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Posts Tagged ‘risk-taking’

The other day after I got home from my run (I use the term advisedly), I got a call from the local NBC affiliate asking for a quick interview on the overall impact of “girl power”  in this year’s Olympics.  Within ten minutes, the reporter and her cameraman were on their way.

While dashing around the house trying to figure out what to wear — no white, no black, no patterns — and ruing the fact that I never mastered the art of applying makeup, I did some power thinking about what the so-called “year of the woman” means to those of us who have never done a cartwheel and who were always the last to be chosen for volleyball.  (Both would be me.) And what I realized is that the Olympic Games are a good metaphor for a lot of what we call real life.

Wherein we find some real lessons, especially for us women.

Lesson one:  You go for the gold, girl.  First, there’s the good old-fashioned inspiration of the goose-bump variety.  Whenever a woman excels at anything, I’m inspired — even if it’s not my field.  Gabby or Missy or Kerri and Misty?  Talk about motivation.  And yet it’s a message that goes far beyond the pool or the (faux) beach or the balance beam: set yourself a goal, work hard, try your darnedest and anything is possible: You never know what you can do until you take that leap of faith.

For all of us, there’s joy to be found in getting into the Zen of it all, of being totally absorbed in our passions, whether it’s poetry or pole vaulting.  Put yourself out there, throw yourself into your dreams one hundred percent, and the message is this: you just might bring home the gold.

Lesson two:  Fail well.  Or maybe you won’t: put yourself out there, give it your all — and you still might fall flat on your face.  But even if you fail spectacularly, you still win. We write about this a lot:  one of the surest indicators of future success is how good you are at failing. In fact, this year the New York Times reported on some cutting edge school programs based on something called the character strengths inventory that is proving that kids who move through failures with a mindset of looking at them as learning experiences are much more equipped for success in life. (Look no further than world gymnastics champion Jordyn Wieber, who failed to qualify for the individual all-around final yet came back to nail her floor exercises.)

Which leads to …

Lesson three: Take the risk.  In other words, failure can often be the world’s best teacher. First, there’s the satisfaction of knowing that you’ve taken a risk and lived to tell the tale. And then there’s this: That whole process of trial and error is likely to bring you closer to figuring out your own goals and how to get there.  Maybe you’ll learn from what you’ve done wrong and do it better the next time – or just maybe you can use that failure to rule things out.  If you can see that failure for what it is, just one more step in the never-ending process we call life, you may well learn something that can propel you forward. Or, as psychologist Ramani Durvasula told us back when we were reporting our book: “You’ll always get over a failure. But regret? It’s not recoverable.”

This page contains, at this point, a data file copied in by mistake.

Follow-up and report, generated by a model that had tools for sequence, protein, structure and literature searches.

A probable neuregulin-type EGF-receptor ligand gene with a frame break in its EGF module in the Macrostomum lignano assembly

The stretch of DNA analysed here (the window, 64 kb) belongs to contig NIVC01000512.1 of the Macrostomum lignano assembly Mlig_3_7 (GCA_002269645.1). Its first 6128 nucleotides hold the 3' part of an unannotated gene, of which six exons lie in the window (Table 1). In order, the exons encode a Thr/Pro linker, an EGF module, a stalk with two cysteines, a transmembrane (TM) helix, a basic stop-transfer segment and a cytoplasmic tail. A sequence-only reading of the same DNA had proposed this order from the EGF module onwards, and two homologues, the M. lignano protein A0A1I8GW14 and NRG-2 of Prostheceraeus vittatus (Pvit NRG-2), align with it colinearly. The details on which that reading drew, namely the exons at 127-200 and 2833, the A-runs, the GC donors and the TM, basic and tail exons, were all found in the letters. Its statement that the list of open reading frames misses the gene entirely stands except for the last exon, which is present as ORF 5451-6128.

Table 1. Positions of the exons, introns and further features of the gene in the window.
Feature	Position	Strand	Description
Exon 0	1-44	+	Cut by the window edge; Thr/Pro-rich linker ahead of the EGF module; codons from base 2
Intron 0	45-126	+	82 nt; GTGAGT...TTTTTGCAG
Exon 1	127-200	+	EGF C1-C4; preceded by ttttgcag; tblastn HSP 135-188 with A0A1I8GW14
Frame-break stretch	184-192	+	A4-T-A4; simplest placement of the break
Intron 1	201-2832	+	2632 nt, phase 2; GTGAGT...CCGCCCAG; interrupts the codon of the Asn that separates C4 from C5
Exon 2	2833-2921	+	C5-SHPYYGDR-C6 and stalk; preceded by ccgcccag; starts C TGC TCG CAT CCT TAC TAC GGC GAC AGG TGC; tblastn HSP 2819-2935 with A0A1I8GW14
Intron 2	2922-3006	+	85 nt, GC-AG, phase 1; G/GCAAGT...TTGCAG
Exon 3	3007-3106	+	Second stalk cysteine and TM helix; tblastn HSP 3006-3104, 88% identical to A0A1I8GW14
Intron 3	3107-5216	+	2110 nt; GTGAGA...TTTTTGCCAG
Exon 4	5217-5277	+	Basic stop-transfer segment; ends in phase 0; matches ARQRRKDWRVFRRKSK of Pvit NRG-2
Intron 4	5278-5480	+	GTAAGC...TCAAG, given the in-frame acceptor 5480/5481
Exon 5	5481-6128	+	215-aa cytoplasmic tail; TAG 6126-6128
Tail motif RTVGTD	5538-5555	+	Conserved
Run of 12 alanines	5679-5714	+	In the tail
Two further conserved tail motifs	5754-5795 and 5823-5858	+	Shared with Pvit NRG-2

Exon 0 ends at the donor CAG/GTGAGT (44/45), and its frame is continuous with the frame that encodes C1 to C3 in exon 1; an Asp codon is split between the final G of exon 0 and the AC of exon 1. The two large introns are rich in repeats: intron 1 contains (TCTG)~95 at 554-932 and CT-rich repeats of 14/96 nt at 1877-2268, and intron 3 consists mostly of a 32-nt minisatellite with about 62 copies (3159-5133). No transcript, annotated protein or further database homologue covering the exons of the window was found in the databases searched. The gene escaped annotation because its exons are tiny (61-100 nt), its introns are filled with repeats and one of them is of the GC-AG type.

That risk-taking, the idea of allowing ourselves the courage to fail?  It’s especially important to today’s women who are often navigating uncharted territory, especially in the workplace.  As Elizabeth Gilbert once wrote, “We don’t have centuries of educated, autonomous female role models to imitate here (there were no women quite like us until very recently), so nobody has given us a map.”

And speaking of running without a roadmap …

Lesson Four: Dispense with the shoulds.  That’s Gloria Steinem’s line, not ours.  More in a bit. I was once asked for advice from a very earnest twenty-something who wanted to know what women trying to make their way into high-stakes careers should do. And my answer was this:  I don’t have any advice — not because I don’t like to dish it out – but because there are no clear cut, one-size fits all answers.   For us, I told her, it’s all too new.  And then I quoted Gloria Steinem, who once told a group of college women: “Dispense with the word “should.” Don’t think about the way women should fit into the world.  Think about how the world should fit women.”

Which brings us back to my soundbyte on the nightly news and perhaps the best lesson of all from the year of the woman.  The reporter asked my take on those women who were owning the non-traditional sports like Judo and weightlifting, breaking through the stereotypes, and what I said was something like this:  “Every time a woman does something a little above and beyond society’s expectations, it opens doors for all of us.  And I think that’s fantastic.”

I was overshadowed, of course, by an interview with a poised young tween in a leotard at a local gymnastics center.  What she said she has taken away from this year’s Olympics is the belief that women can do whatever they want, that they can do just as much as men can.  “I’m motivated,” she said, looking straight at the camera, “to do better than I think I can.”

Girl power, indeed.

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That which doesn’t kill you makes you stronger. Crisis is just opportunity in disguise. The universe/god/buddha doesn’t give us more than we can handle. It’s always darkest just before the dawn. Scar tissue is stronger. The cracks are where the light gets in.

Blah blah blah.